2. Haan, Peter & Prowse, Victoria L., 2010. "The Design of Unemployment Transfers: Evidence from a Dynamic Structural Life-Cycle Model," IZA Discussion Papers 4792, Institute for the Study of Labor (IZA).
    3. Meghan M. Skira, 2015. "Dynamic Wage And Employment Effects Of Elder Parent Care," International Economic Review, Department of Economics, University of Pennsylvania and Osaka University Institute of Social and Economic Research Association, vol. 56, pages 63-93, February.
    4. Michelle Sheran Sylvester, 2007. "The Career and Family Choices of Women: A Dynamic Analysis of Labor Force Participation, Schooling, Marriage and Fertility Decisions," Review of Economic Dynamics, Elsevier for the Society for Economic Dynamics, vol. 10(3), pages 367-399, July.
    5. Peter Arcidiacono & Andrew Beauchamp & Marjorie McElroy, 2016. "Terms of endearment: An equilibrium model of sex and matching," Quantitative Economics, Econometric Society, vol. 7(1), pages 117-156, March.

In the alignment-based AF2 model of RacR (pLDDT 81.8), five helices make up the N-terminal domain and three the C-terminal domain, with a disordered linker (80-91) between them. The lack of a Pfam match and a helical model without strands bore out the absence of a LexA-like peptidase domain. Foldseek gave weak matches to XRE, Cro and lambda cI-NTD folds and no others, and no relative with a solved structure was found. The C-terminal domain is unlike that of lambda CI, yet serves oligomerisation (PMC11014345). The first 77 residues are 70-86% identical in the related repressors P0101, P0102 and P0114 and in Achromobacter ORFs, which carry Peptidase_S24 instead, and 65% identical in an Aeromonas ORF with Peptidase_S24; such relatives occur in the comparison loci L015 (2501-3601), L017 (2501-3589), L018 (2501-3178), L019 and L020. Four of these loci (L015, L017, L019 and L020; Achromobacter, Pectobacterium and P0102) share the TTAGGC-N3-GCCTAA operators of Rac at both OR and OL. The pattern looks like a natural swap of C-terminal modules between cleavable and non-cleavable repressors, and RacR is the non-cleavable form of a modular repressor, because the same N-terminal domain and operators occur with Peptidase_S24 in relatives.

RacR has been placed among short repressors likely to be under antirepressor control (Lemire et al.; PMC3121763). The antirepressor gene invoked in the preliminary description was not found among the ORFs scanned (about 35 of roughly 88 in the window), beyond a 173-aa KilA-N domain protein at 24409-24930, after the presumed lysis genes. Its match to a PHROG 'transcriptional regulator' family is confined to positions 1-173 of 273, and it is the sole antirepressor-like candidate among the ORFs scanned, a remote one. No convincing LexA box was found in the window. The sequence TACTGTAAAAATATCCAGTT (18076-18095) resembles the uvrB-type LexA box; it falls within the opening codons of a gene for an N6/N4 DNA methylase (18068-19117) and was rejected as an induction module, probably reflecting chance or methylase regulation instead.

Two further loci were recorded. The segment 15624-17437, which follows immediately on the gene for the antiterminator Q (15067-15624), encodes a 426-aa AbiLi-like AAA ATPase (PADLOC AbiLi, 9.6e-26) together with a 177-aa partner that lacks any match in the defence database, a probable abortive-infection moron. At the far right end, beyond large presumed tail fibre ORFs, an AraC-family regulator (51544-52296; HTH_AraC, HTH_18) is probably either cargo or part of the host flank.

6. Lynda Clarke & Elizabeth Cooksey & Georgia Verropoulou, 1998. "Fathers and absent fathers: Sociodemographic similarities in britain and the united states," Demography, Springer;Population Association of America (PAA), vol. 35(2), pages 217-228, May.
    7. Anne Case & I-Fen Lin & Sara Mclanahan, 2003. "Explaining trends in child support: Economic, demographic, and policy effects," Demography, Springer;Population Association of America (PAA), vol. 40(1), pages 171-189, February.
    8. Martin Huber & Giovanni Mellace, 2014. "Testing exclusion restrictions and additive separability in sample selection models," Empirical Economics, Springer, vol. 47(1), pages 75-92, August.
    9. Linda Y. Wong, 2003. "Why so only 5.5% of Black Men Marry White Women?," International Economic Review, Department of Economics, University of Pennsylvania and Osaka University Institute of Social and Economic Research Association, vol. 44(3), pages 803-826, August.
    10. Wilbert van der Klaauw, 1996. "Female Labour Supply and Marital Status Decisions: A Life-Cycle Model," Review of Economic Studies, Oxford University Press, vol. 63(2), pages 199-235.